If you always caught something when you went hunting it would be called catching instead of hunting. Many would-be hunters quickly grow weary of the sport since not only do they not catch animals – most people don’t even see an animal their whole trip out. If you’re new to hunting, this can be extremely frustrating – you’ve bought your gear, picked out your rifle, and are out on the grounds with nary the sound of an animal, much less a sighting. Maybe you need to learn to locate where animals congregate!
Tips for the Fruitful Hunt
Locating animals is the first part of hunting. If you can never locate the animals, you can never shoot the animal and thus you will never catch anything. This seems like a basic statement, although countless brand new hunters are out in the wrong spot looking for game that just isn’t there. Such an activity isn’t called hunting – it’s called nature walking with a rifle in your hand. So how can you locate animals? Here are some tips:
Local knowledge: Surprisingly, many new hunters are possessed of the idea that hunting is an individual sport in which any outside advice constitutes “cheating.” They think that a true hunter must track his own game and do all of his own legwork to find out where the animals are. This couldn’t be further from the truth. Even the most celebrated professional African hunters use guides to actually locate the general area where game can be found. There’s nothing like a little bit of local knowledge to help you narrow down a really big area into a much smaller, more manageable area. If you can obtain local knowledge from hunters or land owners who are much more familiar with the terrain than you are, you can save lots of time in your hunts and be more accurate. Don’t be afraid to ask!
When, not where: Another new hunter mistake is to ask the “where” questions and ignore the “when” questions. Realize that just like you, animals have a routine they abide by. Just as you are not home twenty-four hours per day – you go to work, come home, go out to eat, etc. – they have patterns as well. Just because you know where a given animal beds down, for example, doesn’t mean you will find that animal there whenever you want. You need to become intimate with the animal you are hunting, as well as its routine. All animals sleep, but some may sleep at times you would not think they do. External hunting pressures and crowded public lands sometimes turn deer, for example, into nocturnal creatures, which means you are unlikely to see many of them by day in some parts of the country. Again, local knowledge is key here.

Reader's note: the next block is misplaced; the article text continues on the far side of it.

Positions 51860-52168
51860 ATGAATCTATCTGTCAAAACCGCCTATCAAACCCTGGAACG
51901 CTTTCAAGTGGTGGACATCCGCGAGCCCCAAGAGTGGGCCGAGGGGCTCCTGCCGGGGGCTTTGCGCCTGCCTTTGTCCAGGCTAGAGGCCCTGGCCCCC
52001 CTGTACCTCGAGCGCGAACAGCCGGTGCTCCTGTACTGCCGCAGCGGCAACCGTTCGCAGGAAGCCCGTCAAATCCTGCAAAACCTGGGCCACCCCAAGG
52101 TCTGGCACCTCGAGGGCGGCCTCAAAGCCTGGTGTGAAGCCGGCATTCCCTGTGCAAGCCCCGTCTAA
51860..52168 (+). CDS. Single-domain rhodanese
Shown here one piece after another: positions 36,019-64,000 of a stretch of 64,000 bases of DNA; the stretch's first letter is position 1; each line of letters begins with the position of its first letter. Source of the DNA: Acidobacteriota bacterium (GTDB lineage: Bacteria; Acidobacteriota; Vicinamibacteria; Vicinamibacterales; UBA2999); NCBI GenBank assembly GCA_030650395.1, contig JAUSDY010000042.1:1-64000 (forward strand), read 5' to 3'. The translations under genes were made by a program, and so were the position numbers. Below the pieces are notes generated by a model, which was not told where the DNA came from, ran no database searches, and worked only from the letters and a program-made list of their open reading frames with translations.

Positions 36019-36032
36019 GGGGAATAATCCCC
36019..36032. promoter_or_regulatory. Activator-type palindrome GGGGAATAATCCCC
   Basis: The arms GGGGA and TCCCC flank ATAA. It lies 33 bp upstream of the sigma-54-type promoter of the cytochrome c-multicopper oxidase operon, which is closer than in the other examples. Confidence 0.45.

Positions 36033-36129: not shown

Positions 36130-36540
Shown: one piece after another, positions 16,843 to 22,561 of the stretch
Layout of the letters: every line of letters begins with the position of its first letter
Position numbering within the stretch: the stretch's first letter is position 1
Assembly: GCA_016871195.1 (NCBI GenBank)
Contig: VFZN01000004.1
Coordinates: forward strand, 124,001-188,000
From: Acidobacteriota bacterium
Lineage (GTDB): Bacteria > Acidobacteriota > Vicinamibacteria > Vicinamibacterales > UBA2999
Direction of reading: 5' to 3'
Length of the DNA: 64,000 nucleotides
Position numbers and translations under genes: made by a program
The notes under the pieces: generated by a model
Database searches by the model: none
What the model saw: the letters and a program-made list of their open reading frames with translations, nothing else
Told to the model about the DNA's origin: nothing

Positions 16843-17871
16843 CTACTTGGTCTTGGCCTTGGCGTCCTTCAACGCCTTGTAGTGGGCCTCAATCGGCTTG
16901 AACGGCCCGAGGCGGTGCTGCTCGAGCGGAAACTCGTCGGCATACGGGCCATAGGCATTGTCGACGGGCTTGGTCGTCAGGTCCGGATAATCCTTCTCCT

Go where the food is: Go where the food source for the animal you are hunting is, but be careful not to get too close. The average game animal uses three senses – hearing, smell, and sight – and you as a hunter barely use one (sight), with the other two distant seconds. Positioning yourself incorrectly when observing an animal’s food source could prove to be a blunder. Make sure you are downwind of the food source for the animal you are stalking, and prepare to patiently watch and wait.
Find the watering holes: Besides food, stalking watering holes is the next best thing. Every animal needs water to survive, and setting up a stand or observation point downwind of the only water in the area is a sure-fire bet to locating animals. Keep in mind, however, that while most types of animals eat different foods from one another, they all drink the same water. What this means in practice is that many different types of animals will use the same watering hole – and some are keener than others. You might spook another type of animal than you were hunting, which could in turn spook the animal you are after. Stalking a watering hole requires patience and discipline.
Game trails: Game trails are the interstate highways of the bush. Animals are creatures of habit too, and they will often use pre-established routes from their dens or where they bed down to the watering hole and food sources. Trails enable an animal to move silently and stealthily rather than crashing through the bush – but that doesn’t mean that you should use them! Consider that you could leave a scent trail by walking a game trail that would scare animals away. When setting up a stand near a game trail, walk parallel to it but not on it, and place the stand appropriate to the wind (you can still be detected by scent up in a tree), and near a natural bottleneck. Just remember that game trails, like watering holes, are used by several types of animals.
A little common sense and patience as well as studying the terrain of where you plan to hunt will go a long way to you actually seeing and being able to take a shot at a game animal. Find animals by knowing where they go!
©2012 Off the Grid News